30 June 2013

Ants on the march!

ants, ant control, extermination, walla walla, pest control
Featured in this post - read
on to discover why!
In the last couple of days, calls for ant control have ticked upward significantly. This is no surprise after the recent heavy rains we've experienced here in the Walla Walla valley. The types making themselves known are our two most common pest ants here, the Odorous House ant and the Pavement ant. Look at it from their perspective: if you were only about a millimeter in height and had a home at or below ground level, you would probably be looking to set up shop on higher ground now, too.

This isn't the only time that these ants will make their appearance in your home or business, however, as there are plenty of other reasons for them to do so. Narrowing down those reasons and finding an extermination solution is first a matter of answering one simple question: did the ants begin turning up after the weather warmed up, or have they been present inside your home when it was cold outside (roughly 50º F or below)?

The answer to that question helps to determine if your ants are living primarily outside in the soil and wandering in looking for a snack, or if they and their queens (that's right -- plural) have made their home in the walls of your home. It doesn't make much of a difference in terms of how the ants will be treated (that's mainly a question of climate conditions at the time), but it does help to determine how intense the inside vs. outside effort should likely be.

The method is a two-part method, exclude, and sabotage:

Exclude: excluding these pests from a structure is a matter of treating the outside of it such that it's not possible for the ants to gain a foothold inside. This is done with spray applications that are not detectable by the ants, that kill the ants slowly, and that the individual ants can spread to each other through physical contact. A spray of this type "excludes" ants from a structure in that it becomes an environment that will destroy an entire colony, not just individual ants. All common over-the-counter sprays lack virtually all of these features. As such, they are the opposite, and will tend to produce the opposite of the desired result (in fact, many of these sprays can prompt the ants to defend themselves by spreading their colonies out all over your house - the problem actually gets worse!).

Sabotage: ants love a free meal. Using ant baits is the best way to deal with them indoors; it's the Trojan Horse of ant control. The advantage of a bait over a spray is that a spray will only work if the ants are in the treated spot (and only if the spray matches the characteristics I described above), but a bait will go to where the ants are because the ants themselves will take it there! Further, the ants you can see are only workers, which if killed will be rapidly replaced by the queens. Those queens are your true targets, and it is with bait ferried to them by their workers that they can be most easily attacked and destroyed. Not all baits are created equal, however. As a rule of thumb of using bait for ants, if the ants don't respond to your bait like these ants did to mine...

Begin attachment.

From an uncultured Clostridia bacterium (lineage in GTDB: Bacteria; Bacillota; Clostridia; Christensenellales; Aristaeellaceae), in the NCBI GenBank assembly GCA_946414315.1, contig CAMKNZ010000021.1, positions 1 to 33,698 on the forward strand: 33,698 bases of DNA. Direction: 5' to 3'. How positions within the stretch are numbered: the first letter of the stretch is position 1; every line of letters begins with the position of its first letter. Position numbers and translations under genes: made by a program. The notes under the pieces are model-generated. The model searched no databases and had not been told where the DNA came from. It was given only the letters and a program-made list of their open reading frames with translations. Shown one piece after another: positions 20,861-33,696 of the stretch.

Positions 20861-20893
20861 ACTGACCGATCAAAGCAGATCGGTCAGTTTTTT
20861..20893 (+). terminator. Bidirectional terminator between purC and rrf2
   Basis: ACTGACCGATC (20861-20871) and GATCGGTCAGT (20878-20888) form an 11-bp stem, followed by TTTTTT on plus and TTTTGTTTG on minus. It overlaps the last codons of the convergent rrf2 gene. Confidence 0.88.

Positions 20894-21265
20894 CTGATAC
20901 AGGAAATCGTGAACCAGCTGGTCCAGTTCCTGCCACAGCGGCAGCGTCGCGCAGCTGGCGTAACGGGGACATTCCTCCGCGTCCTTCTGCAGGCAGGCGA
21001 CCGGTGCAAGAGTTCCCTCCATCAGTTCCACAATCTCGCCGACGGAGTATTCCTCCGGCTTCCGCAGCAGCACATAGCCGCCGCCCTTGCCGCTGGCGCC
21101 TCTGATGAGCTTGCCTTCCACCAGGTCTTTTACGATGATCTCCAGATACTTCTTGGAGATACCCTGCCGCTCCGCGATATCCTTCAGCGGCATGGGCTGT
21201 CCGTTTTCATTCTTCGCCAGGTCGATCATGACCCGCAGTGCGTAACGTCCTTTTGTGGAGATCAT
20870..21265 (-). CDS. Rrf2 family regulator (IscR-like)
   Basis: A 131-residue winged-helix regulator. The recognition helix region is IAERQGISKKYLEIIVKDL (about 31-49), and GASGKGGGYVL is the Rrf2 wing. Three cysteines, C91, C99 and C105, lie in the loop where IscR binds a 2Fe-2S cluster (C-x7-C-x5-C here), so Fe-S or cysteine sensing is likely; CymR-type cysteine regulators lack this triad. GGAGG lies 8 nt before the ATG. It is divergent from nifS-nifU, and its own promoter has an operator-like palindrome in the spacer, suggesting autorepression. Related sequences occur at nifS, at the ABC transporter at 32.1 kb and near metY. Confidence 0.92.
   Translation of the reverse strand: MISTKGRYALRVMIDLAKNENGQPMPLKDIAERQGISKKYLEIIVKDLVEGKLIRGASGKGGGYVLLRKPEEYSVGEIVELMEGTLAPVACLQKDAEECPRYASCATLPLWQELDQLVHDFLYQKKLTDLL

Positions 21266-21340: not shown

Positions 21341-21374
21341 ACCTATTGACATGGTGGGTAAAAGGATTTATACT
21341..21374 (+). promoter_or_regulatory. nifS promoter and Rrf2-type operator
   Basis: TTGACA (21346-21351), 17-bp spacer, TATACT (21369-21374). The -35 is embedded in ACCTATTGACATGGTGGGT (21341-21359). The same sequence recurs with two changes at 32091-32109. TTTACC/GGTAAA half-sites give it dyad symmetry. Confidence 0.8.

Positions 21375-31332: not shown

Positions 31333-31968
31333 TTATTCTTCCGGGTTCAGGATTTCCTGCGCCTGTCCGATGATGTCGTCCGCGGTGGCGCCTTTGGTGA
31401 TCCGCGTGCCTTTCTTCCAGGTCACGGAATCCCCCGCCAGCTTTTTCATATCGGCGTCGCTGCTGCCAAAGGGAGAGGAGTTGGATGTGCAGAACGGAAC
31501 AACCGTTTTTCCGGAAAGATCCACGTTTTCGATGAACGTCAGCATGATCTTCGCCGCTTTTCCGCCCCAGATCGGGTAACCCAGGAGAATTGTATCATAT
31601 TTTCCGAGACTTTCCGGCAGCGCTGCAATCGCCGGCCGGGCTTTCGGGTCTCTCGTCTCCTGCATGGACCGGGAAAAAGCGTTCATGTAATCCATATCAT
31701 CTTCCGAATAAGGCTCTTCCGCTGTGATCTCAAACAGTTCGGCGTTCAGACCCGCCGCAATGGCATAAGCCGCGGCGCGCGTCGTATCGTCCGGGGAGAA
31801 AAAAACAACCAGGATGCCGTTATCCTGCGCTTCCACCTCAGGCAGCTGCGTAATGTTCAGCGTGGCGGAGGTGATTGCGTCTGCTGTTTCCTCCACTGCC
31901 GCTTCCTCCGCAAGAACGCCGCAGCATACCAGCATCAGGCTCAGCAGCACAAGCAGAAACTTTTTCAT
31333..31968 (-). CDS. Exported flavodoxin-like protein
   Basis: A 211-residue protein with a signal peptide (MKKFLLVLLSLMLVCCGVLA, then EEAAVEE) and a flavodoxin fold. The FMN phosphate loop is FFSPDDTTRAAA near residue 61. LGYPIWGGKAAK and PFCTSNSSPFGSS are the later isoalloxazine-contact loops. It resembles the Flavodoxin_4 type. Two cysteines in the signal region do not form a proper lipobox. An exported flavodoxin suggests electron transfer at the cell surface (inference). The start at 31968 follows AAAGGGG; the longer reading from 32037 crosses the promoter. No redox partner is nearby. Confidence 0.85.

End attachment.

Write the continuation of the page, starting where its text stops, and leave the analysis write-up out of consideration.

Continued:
ants, sugar ants, ant control, walla walla

...then your bait does not work. Those little plastic domes with solid form baits inside that people constantly buy, they're garbage. Throw them out, or better yet return them for a refund if you can. The reason those "work" is typically that someone sees some ants feeding on something, they run to the grocery/hardware store and spend their money on little plastic domes, they put those domes out... and then they clean. Suddenly, the ants are gone and they credit the little plastic domes. What actually happened is that cleaning took away whatever it was that was of interest to the ants, so the ants hid away again. The next time one of their scouts finds a dropped crumb, however, they'll come back out in full force as they were never really gone.

There is one kind of over-the-counter bait that works. It's a liquid bait, not a solid: Terro Liquid Ant Bait

 
This is the only OTC ant bait product I recommend to my clients as a stop-gap measure for those times I can't get to them right away, or for clearing up small ant incursions that may not warrant the cost of a full treatment. Terro is not as good as the products I use in my work, but it is adequate for keeping an ant issue down to a dull roar until the cavalry arrives. 
If you are dealing with a new or on-going ant infestation, you can try the product I'm recommending, or if you would like my help getting you ahead of the ants' game, give me a call! Treatments typically run around $60 to treat an average house inside and out in the Walla Walla valley area (more if the structure is larger, of course), dropping to $40 for follow-on 30 day periods if additional maintenance is necessary. I will also point out things in and around your home or place of business that may be encouraging ants to constantly invite themselves over for a picnic. My help is just a phone call or an email away!

509-540-7946
paul@zpestcontrol.com



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